Potsdam skatepark proposal gets support from former Tony Hawk Foundation
BY ADAM ATKINSON
North Country This Week
POTSDAM — The skatepark proposal for Fall Island is getting support from a national organization associated with world renown skateboarder Tony Hawk.
A letter of support from The Skatepark Project, formerly the Tony Hawk Foundation, lauds the community and local government for their efforts to construct a skateboarding and art park in Fall Island Park.“We’ve worked closely with passionate members of the Potsdam community to help them ensure the skatepark project is
completed efficiently and up to contemporary standards. It’s clear to us that there’s a solid group of core volunteers,” writes Andre Charles Taylor, programs coordinator for The Skatepark Project.
“They’ve created a platform for the voices of the local action sports community to be heard, and a pathway for them to experience meaningful civic engagement. Not only will these folks be immersed in local government, public policy and project planning, but it’s a collective endeavor that will result in a truly unique space that serves the community for decades. We’re confident the project will continue to follow the path of best practices, including the hiring of specialist skatepark design and construction firms to adequately execute the community’s vision,” Taylor writes.
The village is partnering with SLC Arts to bring the Potsdam park into reality, hoping to combine efforts to expand access to project funding. Various conceptual design work has been done on the park in Potsdam already.
The committee putting the project together is hoping to contract with Pillar Design Studios, formed by Potsdam native Brad Siedlecki, to construct the park. The firm has given an estimate of around $600,000 for the 10,000 square foot park.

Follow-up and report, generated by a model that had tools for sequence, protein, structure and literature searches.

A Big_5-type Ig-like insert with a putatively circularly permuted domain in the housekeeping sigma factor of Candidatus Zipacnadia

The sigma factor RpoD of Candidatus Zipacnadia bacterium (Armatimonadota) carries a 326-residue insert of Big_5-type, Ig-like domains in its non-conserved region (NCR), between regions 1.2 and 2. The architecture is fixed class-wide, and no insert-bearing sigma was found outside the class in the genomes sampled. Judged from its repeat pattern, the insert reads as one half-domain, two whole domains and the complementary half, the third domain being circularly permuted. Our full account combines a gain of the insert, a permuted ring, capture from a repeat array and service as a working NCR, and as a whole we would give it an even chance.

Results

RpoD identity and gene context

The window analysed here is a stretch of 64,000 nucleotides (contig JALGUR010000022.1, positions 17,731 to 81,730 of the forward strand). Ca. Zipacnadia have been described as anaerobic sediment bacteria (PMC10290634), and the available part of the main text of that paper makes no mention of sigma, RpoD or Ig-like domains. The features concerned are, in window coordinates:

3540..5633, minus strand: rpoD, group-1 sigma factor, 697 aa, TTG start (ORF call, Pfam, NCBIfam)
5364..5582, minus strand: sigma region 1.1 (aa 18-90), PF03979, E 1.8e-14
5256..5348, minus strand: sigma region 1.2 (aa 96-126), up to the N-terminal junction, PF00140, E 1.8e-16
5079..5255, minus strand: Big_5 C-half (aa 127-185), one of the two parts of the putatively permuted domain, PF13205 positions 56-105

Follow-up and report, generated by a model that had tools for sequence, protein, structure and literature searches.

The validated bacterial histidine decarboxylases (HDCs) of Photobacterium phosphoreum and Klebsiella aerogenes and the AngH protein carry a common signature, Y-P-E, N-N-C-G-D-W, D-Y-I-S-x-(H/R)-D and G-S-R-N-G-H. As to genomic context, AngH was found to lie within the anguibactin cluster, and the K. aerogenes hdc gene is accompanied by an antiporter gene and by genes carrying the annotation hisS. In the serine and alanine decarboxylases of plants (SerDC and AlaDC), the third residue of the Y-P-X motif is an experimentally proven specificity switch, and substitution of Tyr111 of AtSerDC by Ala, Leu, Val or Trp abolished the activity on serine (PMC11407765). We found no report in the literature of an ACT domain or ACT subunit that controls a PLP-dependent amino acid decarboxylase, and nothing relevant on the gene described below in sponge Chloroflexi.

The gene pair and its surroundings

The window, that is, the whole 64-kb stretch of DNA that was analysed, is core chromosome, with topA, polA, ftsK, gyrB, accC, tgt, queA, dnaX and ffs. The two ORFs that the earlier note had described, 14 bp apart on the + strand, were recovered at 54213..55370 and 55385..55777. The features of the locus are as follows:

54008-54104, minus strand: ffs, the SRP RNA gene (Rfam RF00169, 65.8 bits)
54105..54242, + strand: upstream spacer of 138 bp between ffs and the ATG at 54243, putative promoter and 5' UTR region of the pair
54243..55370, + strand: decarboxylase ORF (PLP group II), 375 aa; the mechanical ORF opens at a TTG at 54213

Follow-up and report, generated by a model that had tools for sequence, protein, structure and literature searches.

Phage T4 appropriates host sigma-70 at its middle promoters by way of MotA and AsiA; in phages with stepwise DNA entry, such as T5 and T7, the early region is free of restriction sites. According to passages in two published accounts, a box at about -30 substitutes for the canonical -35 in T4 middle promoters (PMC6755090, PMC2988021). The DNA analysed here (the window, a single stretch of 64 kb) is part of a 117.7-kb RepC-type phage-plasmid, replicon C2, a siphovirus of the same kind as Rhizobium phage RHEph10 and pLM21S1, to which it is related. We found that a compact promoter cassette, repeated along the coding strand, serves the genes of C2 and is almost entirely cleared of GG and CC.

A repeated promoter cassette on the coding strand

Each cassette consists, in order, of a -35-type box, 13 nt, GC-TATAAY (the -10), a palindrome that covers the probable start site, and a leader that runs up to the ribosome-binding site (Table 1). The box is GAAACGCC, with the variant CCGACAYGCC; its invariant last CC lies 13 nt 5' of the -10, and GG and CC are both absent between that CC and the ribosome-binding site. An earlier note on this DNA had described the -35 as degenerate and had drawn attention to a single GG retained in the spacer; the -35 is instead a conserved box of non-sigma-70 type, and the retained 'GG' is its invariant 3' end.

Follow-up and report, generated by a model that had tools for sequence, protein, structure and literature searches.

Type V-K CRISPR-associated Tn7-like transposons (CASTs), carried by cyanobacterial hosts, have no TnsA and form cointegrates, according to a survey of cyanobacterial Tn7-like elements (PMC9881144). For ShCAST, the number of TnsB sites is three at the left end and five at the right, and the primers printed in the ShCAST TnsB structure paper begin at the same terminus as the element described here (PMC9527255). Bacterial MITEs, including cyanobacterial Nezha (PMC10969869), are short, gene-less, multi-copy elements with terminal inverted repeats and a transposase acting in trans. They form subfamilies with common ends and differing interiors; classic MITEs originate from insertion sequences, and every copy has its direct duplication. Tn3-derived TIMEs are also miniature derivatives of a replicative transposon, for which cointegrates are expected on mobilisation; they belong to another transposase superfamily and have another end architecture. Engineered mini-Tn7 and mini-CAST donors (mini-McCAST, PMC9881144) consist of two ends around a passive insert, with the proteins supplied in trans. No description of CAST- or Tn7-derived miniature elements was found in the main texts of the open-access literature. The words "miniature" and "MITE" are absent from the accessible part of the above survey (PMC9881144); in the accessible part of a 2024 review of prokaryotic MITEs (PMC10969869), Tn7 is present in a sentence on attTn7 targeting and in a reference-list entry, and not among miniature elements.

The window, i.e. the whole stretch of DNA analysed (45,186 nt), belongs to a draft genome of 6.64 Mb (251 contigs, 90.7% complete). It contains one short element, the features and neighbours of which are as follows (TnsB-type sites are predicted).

Organizers spearheading the Potsdam skatepark proposal are researching funding options to pay for construction.
The skatepark was originally part of the village’s state Downtown Revitalization Initiative project list to receive part of the state funding award in 2019, but the park didn’t make the cut of the final projects to receive funding. Two other projects which were approved project funding however have dropped out, freeing up about $700,000 from the DRI funding for other project work. However, the decision on what projects from the village’s DRI strategic investment plan will receive the now available money is now in the hands of the state.
It is expected that the support of a nationally known and influential organization like The Skatepark Project could help the project gain financial support from various sources.
In the letter of support from the organization, Taylor cites the effect of skateparks on communities.
“With approximately 4,000 skateparks in our nation, we are seeing lasting value in these facilities through their ability to draw teenagers and young-adults off the streets, off of their couches, out of trouble and into a healthy, active setting that strengthens the individual and the local community. We’ve seen and experienced the many benefits a public skatepark brings to a community – the creation of habitual exercise habits outside of league restrictions or age, community interaction and social cohesion outside the boundaries of wealth, race, religion or creed, and the development of perseverance and creative expression that’s carried into user’s lives long after the skatepark session is over,” he writes.
“We feel the Potsdam skatepark project is worth supporting, and look forward to seeing who in the area has stepped up to help create a space that changes lives and transforms a community,” Taylor said.